Community water fluoridation (CWF) has been improving oral health and preventing caries for 70 years. Yet CWF isn’t always possible in some communities, necessitating alternatives such as fluoridated salt. An international team of researchers recently investigated the effectiveness of fluoridated water in Porto Allegre in South Brazil and fluoridated salt in Montevideo in Uruguay.
The researchers examined 1,528 twelve-year-old children in Porto Allegre and 1,154 in Montevideo while collecting data on socio-demographics, maternal education, and oral hygiene. Adjusted estimates showed that the children from Porto Allegre were less affected by dental caries than those in Montevideo, with those exposed to salt having significantly higher likelihood of caries.
Luana Severo Alves, PhD, of the department of restorative dentistry at the Federal University of Santa Maria in Santa Maria, Brazil, spoke with Dentistry Today about the results of the study, which was published by Community Dentistry and Oral Epidemiology.
Q: Is fluoridated salt a common strategy for preventing caries?
A: Yes, fluoridated salt is one of the main interventions to provide community fluoride. As well as fluoridated water, it has key attributes such as effectiveness and low cost. It also is equitable (benefitting all of the population), requires little personal effort, and reduces dental treatment costs. This measure is recommended by the World Health Organization in countries with few systems of public water supply, and its principal attraction is that it may be provided with a non-fluoridated alternative, thus allowing the consumer to choose.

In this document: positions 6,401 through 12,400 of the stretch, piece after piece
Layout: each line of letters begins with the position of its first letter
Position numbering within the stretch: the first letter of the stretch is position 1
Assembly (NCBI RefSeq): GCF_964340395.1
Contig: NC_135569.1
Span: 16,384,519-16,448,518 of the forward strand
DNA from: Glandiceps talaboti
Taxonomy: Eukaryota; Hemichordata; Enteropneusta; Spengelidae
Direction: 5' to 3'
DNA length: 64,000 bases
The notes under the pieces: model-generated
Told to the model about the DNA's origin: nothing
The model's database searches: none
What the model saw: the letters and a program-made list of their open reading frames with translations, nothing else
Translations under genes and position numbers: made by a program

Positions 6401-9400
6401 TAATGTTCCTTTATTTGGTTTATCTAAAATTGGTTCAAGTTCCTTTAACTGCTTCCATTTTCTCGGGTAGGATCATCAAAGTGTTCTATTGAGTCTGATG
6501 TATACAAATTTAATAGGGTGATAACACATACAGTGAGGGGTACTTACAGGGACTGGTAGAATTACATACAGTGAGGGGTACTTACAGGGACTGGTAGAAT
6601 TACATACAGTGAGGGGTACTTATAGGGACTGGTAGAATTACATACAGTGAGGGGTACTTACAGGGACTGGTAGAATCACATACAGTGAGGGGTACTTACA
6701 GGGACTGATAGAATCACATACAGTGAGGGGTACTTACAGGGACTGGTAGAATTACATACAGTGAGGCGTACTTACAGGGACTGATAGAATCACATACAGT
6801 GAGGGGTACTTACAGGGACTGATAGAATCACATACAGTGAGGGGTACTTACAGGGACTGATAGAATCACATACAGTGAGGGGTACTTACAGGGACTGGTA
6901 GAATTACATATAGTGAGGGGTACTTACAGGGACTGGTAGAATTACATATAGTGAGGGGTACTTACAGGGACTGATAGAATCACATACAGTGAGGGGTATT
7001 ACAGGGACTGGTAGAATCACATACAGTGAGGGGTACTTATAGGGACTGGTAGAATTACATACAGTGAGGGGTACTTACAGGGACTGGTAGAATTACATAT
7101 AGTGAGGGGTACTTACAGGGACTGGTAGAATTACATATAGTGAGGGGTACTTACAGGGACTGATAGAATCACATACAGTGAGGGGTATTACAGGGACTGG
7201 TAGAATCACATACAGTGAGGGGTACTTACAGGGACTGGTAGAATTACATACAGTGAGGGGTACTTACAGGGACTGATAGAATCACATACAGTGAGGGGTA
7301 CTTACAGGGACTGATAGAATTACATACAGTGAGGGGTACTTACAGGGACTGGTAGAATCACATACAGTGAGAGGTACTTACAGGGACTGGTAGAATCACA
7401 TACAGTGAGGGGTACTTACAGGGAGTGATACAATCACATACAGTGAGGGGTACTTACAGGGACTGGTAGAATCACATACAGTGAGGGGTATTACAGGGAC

Q: How was the salt administered to the children in Montevideo?
A: In Uruguay, the national program for salt fluoridation was implemented in 1991. Salt is distributed in 500-g packages, determining a dose of 250 mg F/Kg of sodium fluoride for “table salt” and potassium fluoride for “sea salt.” It is important to point out that this was not implemented systematically in public dining rooms, canteens, or bakeries, being limited to domestic use.
Q: Did you see any negative effects from fluoridation, such as fluorosis?
A: A recent national survey has reported a 45% prevalence of dental fluorosis in 12-year-old children, according to the Dean index, of which 42.5% had questionable fluorosis, 1.7% very mild fluorosis, and only 0.8% of the population presented higher degrees of fluorosis.
Q: Fluoridation is becoming a controversial topic, with many communities ceasing their programs. How do you feel about fluoridation of public water?
A: In many developing countries, the access to fluoridated toothpaste is limited for socially disadvantaged groups. In these cases, the access to a community-based fluoridation program such as fluoridated water or salt is the unique way to ensure a universal, safe, and cost-effective measure for caries control.